December 8, 2021

Volume XI, Number 342


December 07, 2021

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December 06, 2021

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Should Boeing Fly To Nevada?

After Vice Chancellor Morgan Zurn's in September issued his opinion in In re Boeing Company Derivative LitigationUCLA Professor Stephen Bainbridge declaimed that "After Boeing, Caremark is no longer 'the most difficult theory in corporation law upon which a plaintiff might hope to win a judgment'".   Last week, it was reported that the Boeing directors had settle the lawsuit by, among other things, agreeing to pay $237.5 million.  

In In re Caremark Int'l, 698 A.2d 959 (Del. Ch. 1996), Chancellor Allen pronounced that directors could be liable for failures of oversight.  To succeed on such a claim, however, a plaintiff must show either that the directors:

  • “utterly failed to implement any reporting information restrictions or controls”; or

  • having implemented them, “consciously failed to monitor or oversee their operations, thus disabling themselves from being informed of risks or problems requiring their attention.” 

In the ensuing quarter-century, plaintiffs have made repeated, and mostly unsuccessful, attempts to plead Caremark claims.  Even when these claims are dismissed, stockholders have had to bear the costs of defense.   If Professor Bainbridge is correct, Caremark is no longer a tough claim to bring, Caremark claims will increase, and more stockholder money will be spent in defending and settling Caremark claims.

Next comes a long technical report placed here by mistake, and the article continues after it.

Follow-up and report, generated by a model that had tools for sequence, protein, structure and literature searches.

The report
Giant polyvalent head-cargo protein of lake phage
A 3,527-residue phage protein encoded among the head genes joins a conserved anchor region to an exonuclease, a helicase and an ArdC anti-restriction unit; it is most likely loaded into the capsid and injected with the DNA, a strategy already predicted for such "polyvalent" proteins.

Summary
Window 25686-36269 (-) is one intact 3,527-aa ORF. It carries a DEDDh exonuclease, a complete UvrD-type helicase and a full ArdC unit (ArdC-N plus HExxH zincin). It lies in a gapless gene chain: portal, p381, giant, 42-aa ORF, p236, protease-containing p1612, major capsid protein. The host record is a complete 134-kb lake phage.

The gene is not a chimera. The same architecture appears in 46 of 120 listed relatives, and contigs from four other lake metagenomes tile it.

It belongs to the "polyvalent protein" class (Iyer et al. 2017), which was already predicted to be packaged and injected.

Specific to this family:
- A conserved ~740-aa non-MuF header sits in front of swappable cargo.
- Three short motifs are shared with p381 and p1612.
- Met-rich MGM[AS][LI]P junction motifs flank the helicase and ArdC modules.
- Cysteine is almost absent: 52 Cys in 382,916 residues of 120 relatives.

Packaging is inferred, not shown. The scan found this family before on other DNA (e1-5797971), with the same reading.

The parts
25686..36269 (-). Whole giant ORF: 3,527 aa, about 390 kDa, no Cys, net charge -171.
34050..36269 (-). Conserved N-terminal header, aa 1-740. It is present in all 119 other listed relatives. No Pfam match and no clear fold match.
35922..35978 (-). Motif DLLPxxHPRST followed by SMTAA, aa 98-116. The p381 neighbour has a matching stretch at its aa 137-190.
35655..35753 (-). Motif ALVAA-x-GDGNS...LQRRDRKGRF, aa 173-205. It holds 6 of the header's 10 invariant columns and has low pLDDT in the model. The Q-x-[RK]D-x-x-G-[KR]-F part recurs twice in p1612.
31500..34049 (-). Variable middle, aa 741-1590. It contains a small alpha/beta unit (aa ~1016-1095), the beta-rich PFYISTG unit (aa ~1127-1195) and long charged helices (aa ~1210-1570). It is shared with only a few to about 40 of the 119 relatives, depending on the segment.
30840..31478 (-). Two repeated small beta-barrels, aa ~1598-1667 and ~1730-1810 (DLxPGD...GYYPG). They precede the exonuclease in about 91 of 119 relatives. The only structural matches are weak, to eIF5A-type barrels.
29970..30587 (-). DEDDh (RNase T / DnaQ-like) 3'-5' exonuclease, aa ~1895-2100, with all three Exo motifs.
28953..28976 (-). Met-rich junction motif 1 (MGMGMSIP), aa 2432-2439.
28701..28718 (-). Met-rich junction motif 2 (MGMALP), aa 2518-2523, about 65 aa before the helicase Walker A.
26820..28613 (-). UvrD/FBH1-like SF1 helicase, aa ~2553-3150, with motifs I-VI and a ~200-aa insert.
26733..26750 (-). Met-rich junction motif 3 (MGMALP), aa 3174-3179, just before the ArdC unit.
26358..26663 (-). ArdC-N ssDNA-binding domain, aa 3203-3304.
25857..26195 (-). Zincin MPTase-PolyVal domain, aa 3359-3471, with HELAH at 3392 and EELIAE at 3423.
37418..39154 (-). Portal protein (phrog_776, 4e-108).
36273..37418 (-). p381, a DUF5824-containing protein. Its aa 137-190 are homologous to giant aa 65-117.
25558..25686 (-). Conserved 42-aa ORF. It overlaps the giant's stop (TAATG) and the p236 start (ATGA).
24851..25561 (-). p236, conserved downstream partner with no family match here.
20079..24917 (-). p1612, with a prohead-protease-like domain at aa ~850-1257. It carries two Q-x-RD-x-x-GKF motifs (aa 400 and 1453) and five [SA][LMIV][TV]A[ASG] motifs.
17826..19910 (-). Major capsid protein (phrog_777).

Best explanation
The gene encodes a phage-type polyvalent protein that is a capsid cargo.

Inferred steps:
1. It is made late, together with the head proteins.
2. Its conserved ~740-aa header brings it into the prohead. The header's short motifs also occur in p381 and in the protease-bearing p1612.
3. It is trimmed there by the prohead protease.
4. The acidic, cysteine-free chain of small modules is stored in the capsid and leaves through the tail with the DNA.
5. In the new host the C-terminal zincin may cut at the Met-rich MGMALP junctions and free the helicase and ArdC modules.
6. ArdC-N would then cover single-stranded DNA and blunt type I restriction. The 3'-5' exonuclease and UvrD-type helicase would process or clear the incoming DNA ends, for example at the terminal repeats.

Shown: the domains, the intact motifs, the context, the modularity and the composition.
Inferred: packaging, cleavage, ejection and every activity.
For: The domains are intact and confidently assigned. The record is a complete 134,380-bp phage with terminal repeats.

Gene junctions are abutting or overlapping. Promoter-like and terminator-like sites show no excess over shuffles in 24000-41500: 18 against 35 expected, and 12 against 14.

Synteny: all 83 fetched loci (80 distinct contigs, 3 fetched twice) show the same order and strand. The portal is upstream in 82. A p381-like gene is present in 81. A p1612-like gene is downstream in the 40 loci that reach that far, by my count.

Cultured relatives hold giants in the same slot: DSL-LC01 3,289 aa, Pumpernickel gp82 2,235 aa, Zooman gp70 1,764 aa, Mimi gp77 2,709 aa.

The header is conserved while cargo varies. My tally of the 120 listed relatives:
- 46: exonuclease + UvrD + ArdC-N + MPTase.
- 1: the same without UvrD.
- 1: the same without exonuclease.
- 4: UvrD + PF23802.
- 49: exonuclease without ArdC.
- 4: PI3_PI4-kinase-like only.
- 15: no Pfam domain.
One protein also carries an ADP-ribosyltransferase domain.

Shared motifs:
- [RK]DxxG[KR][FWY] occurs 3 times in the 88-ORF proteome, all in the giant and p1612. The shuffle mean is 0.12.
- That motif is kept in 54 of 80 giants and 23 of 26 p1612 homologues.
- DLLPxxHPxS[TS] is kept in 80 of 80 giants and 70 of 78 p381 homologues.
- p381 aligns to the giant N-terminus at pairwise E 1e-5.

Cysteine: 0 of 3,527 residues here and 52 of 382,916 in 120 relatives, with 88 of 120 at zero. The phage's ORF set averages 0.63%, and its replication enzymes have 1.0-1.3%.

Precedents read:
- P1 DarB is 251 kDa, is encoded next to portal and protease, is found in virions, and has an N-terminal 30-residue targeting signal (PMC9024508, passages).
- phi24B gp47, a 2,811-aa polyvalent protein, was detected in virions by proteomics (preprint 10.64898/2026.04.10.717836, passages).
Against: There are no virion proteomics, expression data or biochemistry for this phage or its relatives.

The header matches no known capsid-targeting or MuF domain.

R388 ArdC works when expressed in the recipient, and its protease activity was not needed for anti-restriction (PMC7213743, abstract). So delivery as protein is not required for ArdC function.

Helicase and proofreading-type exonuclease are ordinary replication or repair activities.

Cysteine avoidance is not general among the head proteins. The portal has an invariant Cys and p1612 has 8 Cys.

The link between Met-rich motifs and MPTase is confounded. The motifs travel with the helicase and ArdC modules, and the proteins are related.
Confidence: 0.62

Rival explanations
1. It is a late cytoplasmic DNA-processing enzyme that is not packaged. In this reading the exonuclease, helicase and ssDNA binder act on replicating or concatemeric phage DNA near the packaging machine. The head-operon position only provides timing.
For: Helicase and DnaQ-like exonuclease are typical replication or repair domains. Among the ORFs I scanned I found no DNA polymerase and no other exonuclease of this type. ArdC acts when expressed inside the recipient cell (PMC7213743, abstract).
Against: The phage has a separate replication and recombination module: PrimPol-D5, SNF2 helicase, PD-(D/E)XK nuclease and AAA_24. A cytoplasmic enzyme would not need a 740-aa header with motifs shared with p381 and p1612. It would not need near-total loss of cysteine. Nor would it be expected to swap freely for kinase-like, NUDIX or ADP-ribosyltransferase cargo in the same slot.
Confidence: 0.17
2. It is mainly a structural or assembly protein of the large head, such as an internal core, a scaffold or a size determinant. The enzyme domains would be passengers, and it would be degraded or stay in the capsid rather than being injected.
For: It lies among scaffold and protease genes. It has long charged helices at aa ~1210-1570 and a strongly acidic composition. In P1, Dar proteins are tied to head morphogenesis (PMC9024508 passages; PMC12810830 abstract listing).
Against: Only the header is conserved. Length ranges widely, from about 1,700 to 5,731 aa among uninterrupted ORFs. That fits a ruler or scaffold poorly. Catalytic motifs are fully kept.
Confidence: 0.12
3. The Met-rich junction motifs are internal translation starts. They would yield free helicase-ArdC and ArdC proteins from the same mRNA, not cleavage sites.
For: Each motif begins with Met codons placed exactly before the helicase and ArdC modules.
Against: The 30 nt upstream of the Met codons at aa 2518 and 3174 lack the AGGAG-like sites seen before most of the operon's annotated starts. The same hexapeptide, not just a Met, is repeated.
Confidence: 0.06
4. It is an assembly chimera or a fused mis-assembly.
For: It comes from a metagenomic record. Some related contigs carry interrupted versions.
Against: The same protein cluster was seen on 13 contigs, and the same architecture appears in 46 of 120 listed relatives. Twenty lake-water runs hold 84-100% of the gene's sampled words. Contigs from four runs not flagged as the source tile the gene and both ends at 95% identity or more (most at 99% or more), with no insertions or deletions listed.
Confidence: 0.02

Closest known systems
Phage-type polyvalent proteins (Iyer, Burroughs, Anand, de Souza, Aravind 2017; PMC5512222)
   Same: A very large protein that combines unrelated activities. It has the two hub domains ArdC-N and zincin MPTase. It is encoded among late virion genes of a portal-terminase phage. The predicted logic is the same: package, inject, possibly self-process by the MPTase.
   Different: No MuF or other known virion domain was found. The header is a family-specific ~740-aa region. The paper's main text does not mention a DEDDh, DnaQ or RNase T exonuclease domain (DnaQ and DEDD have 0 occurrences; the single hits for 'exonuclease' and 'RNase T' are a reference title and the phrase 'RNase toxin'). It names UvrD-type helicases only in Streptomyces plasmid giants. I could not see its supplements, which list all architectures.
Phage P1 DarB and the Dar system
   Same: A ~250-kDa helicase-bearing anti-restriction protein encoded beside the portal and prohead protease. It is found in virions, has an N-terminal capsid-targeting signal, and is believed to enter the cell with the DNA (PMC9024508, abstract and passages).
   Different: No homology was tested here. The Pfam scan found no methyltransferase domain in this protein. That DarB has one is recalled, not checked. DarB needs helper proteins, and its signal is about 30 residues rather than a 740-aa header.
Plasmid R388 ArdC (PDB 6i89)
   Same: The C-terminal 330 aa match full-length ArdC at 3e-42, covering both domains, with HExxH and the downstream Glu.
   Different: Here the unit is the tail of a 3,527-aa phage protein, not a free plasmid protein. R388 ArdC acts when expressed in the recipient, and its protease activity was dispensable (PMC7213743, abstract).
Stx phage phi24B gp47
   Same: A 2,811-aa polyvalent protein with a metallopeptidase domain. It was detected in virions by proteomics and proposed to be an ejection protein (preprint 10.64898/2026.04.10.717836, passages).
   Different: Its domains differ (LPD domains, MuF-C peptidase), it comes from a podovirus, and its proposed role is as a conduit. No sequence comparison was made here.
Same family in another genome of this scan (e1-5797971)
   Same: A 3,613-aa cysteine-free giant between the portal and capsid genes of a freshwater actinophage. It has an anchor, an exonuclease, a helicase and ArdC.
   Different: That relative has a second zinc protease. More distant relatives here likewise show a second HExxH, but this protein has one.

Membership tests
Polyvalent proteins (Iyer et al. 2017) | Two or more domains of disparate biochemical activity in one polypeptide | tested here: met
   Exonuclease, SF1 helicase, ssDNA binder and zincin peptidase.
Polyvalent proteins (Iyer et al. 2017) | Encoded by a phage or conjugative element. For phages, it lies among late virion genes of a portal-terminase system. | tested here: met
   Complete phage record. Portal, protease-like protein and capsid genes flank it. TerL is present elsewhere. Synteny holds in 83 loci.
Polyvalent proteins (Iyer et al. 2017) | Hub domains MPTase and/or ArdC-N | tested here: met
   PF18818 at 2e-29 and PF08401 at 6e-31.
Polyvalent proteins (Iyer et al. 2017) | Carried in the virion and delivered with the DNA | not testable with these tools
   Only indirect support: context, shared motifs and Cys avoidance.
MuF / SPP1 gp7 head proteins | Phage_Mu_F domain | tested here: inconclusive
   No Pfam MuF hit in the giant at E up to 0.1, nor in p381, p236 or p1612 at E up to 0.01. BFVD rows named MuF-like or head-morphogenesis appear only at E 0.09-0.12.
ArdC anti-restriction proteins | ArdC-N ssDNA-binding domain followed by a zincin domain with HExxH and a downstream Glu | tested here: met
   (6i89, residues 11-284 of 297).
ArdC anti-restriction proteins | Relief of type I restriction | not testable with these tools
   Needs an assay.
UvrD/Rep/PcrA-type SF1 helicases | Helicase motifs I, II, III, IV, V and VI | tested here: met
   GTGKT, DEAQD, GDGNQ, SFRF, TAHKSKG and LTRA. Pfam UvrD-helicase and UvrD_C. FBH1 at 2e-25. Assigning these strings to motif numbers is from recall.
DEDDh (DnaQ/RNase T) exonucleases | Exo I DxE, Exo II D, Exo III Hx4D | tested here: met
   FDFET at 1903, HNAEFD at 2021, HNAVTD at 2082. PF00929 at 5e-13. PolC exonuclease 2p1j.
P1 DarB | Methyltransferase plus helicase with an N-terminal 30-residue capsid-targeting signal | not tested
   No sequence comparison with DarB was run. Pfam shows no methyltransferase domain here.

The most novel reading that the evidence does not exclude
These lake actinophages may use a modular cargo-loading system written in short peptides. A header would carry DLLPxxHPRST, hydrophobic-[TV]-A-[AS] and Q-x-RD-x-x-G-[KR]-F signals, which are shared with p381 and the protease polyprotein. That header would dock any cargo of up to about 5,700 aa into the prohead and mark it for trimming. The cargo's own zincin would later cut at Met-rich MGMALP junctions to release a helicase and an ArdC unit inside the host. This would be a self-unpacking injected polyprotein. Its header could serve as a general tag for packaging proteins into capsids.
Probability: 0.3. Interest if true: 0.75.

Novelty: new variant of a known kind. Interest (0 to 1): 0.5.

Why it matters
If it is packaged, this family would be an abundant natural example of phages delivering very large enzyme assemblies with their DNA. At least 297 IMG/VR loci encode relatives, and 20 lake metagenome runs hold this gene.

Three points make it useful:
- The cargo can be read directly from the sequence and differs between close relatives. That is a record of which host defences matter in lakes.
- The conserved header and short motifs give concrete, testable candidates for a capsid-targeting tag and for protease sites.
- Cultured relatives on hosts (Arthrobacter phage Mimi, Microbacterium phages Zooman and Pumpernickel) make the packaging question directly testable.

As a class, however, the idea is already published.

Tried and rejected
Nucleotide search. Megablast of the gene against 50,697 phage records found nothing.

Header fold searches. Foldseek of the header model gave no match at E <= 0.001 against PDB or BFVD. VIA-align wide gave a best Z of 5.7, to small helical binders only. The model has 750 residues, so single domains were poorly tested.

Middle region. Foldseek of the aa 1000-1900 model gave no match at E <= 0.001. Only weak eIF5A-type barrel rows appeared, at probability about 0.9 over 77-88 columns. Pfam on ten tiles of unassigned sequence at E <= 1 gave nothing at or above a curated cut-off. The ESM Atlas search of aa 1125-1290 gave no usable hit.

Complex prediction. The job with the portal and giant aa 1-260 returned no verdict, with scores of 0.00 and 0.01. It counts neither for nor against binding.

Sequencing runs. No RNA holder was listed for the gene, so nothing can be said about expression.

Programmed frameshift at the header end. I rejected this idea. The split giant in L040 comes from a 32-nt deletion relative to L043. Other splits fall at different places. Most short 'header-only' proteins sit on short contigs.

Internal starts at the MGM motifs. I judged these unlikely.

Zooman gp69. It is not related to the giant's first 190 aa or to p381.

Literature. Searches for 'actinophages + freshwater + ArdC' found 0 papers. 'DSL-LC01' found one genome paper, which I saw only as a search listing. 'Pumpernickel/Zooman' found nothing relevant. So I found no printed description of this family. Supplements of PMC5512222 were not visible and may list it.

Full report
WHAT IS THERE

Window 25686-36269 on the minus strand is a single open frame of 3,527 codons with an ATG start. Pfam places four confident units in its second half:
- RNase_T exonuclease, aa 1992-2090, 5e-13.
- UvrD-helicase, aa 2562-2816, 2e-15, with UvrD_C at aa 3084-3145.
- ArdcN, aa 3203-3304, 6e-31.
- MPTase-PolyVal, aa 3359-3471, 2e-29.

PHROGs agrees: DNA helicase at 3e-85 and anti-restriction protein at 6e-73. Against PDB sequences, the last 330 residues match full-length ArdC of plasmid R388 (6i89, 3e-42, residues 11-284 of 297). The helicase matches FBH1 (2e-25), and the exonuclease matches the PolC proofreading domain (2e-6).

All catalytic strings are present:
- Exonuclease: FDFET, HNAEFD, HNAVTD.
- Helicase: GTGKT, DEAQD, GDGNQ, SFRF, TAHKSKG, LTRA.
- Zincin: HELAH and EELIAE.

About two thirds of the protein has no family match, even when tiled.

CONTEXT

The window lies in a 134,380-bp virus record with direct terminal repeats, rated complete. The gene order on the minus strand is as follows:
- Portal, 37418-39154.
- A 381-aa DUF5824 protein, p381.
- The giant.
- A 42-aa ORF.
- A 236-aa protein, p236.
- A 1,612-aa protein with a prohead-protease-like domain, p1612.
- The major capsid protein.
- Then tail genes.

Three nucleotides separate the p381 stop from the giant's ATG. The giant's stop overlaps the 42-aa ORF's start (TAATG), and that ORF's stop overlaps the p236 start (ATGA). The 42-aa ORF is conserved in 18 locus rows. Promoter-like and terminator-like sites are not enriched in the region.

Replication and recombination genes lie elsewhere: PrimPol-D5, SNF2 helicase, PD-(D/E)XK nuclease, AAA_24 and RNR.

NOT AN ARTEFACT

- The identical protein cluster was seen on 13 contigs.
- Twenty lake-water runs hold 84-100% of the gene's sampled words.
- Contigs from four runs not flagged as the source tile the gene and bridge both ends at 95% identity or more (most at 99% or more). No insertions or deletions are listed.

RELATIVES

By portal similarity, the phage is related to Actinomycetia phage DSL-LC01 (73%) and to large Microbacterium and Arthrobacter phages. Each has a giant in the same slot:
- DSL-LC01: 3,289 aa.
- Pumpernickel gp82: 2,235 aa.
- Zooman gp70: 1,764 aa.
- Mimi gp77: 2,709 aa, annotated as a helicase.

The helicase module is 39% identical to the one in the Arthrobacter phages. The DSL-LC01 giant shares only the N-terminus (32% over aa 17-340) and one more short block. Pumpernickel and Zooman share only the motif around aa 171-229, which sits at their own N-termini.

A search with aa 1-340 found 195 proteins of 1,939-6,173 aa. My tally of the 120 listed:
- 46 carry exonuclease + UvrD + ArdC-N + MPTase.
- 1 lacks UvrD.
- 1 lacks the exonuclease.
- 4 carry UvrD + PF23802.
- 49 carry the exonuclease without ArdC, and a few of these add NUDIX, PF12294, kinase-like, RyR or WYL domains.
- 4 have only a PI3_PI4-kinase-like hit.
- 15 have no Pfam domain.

Boeing and its stockholders may want to take note of the fact that the Nevada Supreme Court has never mentioned, much less followed, Caremark.   Further, NRS 78.138 provides that, with certain exceptions, no director or officer is individually liable to the corporation or its stockholders for damages unless the business judgment presumption has been rebutted and it is proven that:

  • The director’s or officer’s act or failure to act constituted a breach of his or her fiduciary duties as a director or officer; and

  • Such breach involved intentional misconduct, fraud or a knowing violation of law.

Given Delaware's apparent relaxation of Caremark, corporations may want to look west to Nevada.

© 2010-2021 Allen Matkins Leck Gamble Mallory & Natsis LLP National Law Review, Volume XI, Number 312

About this Author

Keith Paul Bishop, Corporate Transactions Lawyer, finance securities attorney, Allen Matkins Law Firm

Keith Bishop works with privately held and publicly traded companies on federal and state corporate and securities transactions, compliance, and governance matters. He is highly-regarded for his in-depth knowledge of the distinctive corporate and regulatory requirements faced by corporations in the state of California.

While many law firms have a great deal of expertise in federal or Delaware corporate law, Keith’s specific focus on California corporate and securities law is uncommon. A former California state regulator of securities and financial institutions, Keith has decades of...